Danny definitely expected at least his (mostly female) coworkers to comment on his wardrobe shift, but all they really said was: “Looks like Danny’s getting some style!” This did not surprise me at all, because as I noted above, Danny has been poaching compliments off my clothes for years. Apparently one of his coworkers tried to buy my bomber jacket off of him. Nice try.
Danny and I have very distinct styles—I’ve always put a lot of thought into my look, and I’ve always appreciated Danny’s fashion sense—so the clothes swap felt less like us dressing in differently gendered clothing, and more like us dressing in costumes of each other. It was such a novelty to see Danny in what was essentially a Becca costume (and I’d be lying if I said it wasn’t pretty cute, too).Danny agreed—up to a point. “The joggers went too far,” he said. Apparently, seeing me in his pants crossed the uncanny valley.
The biggest challenge for him, he said, wasn’t in any of the actual clothes he had to wear, but just the constraining nature of the exercise. “It was stressful that I couldn’t wear any of my clothes—it’s weird to be limited like that.”
In a different way, I kind of agreed. What I didn’t expect, and what I didn’t really know how to articulate until I was interviewing Danny, was how different it is to be constrained entirely to a different wardrobe and style, rather than just dabbling in it to accent your own. This would probably be true to a certain extent with anyone’s wardrobe, but it felt especially notable with masculine clothes like Danny’s.
I realized there was a difference between wearing a men’s dress shirt over a crop top and leggings and wearing a full man’s outfit. I wasn’t masculinizing my wardrobe—I was dressing masculine. I couldn’t help noticing how square I looked in the mirror. I will say it made me feel stronger—I often feel safer the less of my actual body you can see or even infer, so these boxy clothes honestly made me feel pretty damn secure. And I can’t state enough: All that pocket room changed my life.
Lauren & Daniel
I got cappuccinos one afternoon with Lauren and Daniel, who had immediately agreed to do my couples clothes swap challenge when asked a week earlier. While we ordered, Daniel said the swap hadn’t been that daunting of a challenge because the pair is already “used to commandeering each other’s stuff in general.” Lauren made a slight correction: He was used to commandeering her clothes. “He’ll take over my clothing, but he’s sensitive about sharing his own.”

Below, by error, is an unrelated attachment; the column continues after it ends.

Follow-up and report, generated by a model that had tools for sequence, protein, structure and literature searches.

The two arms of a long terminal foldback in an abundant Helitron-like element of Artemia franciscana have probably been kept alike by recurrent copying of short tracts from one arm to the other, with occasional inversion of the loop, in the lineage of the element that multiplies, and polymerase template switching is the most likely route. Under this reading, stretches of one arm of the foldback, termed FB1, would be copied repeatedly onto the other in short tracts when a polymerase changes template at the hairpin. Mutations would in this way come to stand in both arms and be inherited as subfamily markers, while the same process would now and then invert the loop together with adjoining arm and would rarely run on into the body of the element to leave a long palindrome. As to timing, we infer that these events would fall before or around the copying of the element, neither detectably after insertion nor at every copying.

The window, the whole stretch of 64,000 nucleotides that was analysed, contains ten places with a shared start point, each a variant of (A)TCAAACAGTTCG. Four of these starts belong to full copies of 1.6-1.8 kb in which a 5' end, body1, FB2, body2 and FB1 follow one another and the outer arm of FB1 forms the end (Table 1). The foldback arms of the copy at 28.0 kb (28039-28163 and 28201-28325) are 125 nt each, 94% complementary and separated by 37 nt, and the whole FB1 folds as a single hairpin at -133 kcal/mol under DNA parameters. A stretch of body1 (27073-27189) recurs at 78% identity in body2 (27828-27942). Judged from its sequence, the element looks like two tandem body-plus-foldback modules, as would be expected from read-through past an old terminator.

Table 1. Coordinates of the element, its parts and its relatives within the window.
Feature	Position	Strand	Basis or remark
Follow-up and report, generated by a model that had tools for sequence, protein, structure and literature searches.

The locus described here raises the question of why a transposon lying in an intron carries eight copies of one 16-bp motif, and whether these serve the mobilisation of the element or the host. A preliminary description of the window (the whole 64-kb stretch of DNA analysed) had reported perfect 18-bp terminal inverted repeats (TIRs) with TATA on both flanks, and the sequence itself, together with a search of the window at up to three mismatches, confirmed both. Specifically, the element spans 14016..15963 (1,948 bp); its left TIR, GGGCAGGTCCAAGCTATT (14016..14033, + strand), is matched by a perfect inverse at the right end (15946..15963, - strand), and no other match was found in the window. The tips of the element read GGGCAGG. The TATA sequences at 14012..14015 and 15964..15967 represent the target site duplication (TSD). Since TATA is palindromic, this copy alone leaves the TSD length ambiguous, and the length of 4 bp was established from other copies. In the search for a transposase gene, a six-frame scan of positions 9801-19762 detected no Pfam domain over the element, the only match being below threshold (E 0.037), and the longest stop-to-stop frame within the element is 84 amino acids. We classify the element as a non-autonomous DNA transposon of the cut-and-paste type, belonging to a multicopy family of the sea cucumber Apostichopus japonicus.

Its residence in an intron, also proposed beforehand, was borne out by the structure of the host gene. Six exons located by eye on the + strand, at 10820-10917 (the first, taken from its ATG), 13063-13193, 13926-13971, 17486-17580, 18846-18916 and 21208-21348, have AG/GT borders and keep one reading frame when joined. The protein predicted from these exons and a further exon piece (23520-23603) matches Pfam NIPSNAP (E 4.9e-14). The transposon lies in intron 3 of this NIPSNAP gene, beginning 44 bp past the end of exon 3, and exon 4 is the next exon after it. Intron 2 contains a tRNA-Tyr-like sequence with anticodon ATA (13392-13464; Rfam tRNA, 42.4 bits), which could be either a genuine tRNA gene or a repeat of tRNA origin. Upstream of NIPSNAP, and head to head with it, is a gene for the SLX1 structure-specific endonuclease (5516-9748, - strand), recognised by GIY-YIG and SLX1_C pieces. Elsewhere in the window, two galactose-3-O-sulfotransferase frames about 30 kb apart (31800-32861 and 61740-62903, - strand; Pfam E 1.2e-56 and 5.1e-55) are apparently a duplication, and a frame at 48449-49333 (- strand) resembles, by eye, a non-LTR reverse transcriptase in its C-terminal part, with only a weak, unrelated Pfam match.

During the course of our conversation (which Lauren jokingly called couples’ therapy), they came to the conclusion that Daniel has had low-key anxiety about anything happening to his clothes—a stressor he suspects originated in his young adulthood, when he used to blow all his money on band shirts. “My first thought when anyone asks to borrow my clothes is, ‘Oh no, what if something happens?’”
They had experienced this exact phenomenon two Halloweens ago, when Lauren borrowed some of her boyfriend’s clothes to dress up as her coworker Brock. “Those pants were vintage,” he said, like maybe he was still a little nervous about it a year and a half later. Lauren says she avoided borrowing one of Daniel’s oldest shirts for this swap because she didn’t want to be anxious about him being anxious. “The orange one?” Daniel asked, “You should have taken that one, it’s on its last legs anyway, and it’d look cute on you.”
Daniel mirrored what Danny had said about L.A. not really being a place people were likely to even notice this kind of couples clothes swaps. “Sure, we looked eccentric, but in this area? Look around,” he said, gesturing around the coffee shop. “There are at least five people in here who could be doing the same challenge as us right now.” He has a point.
Daniel also shared Danny’s frustration with lady pockets. He didn’t have almost any other qualms about doing the swap. “It felt a little silly, but mostly it was just the pocket situation. Some of the pockets on her pants are fake!” he declared with incredulity.
In general, the couple felt blessed to work from home and not have to bare the scrutiny of any coworkers, with one glaring exception. The first day of their clothes swap, Daniel, a musician, had to attend a financial meeting in a bright patterned blouse and tight pants. “I felt like I was trying to look like a rockstar.” Daniel said wearing Lauren’s tighter clothes made him feel flashier, like he was peacocking a bit. “Like I was flaunting.” Lauren nodded contemplatively. “He was looking hot, and I was looking boxy.” Lauren’s favorite part about the challenge was getting to dress Daniel every day. “It was pure fun.”
Wearing women’s clothes made Daniel feel, if not self-conscious, then at least aware that he was wearing stuff that “didn’t really belong on me.” He said he also got a compliment every day. Lauren said she didn’t get any. I felt her pain. Lauren said that wearing big, shapeless men’s clothing made her feel less attractive and that she worked hard to pair them with makeup and accessories to make the overall look better. Daniel said Lauren didn’t look bad in his clothes, just comfy. “I like it when you’re wearing bigger clothes,” he said. “Is it the same reason you like when I’m not wearing makeup?” she asked. “Yeah,” he said, reaching toward her. “It’s easier to touch you.”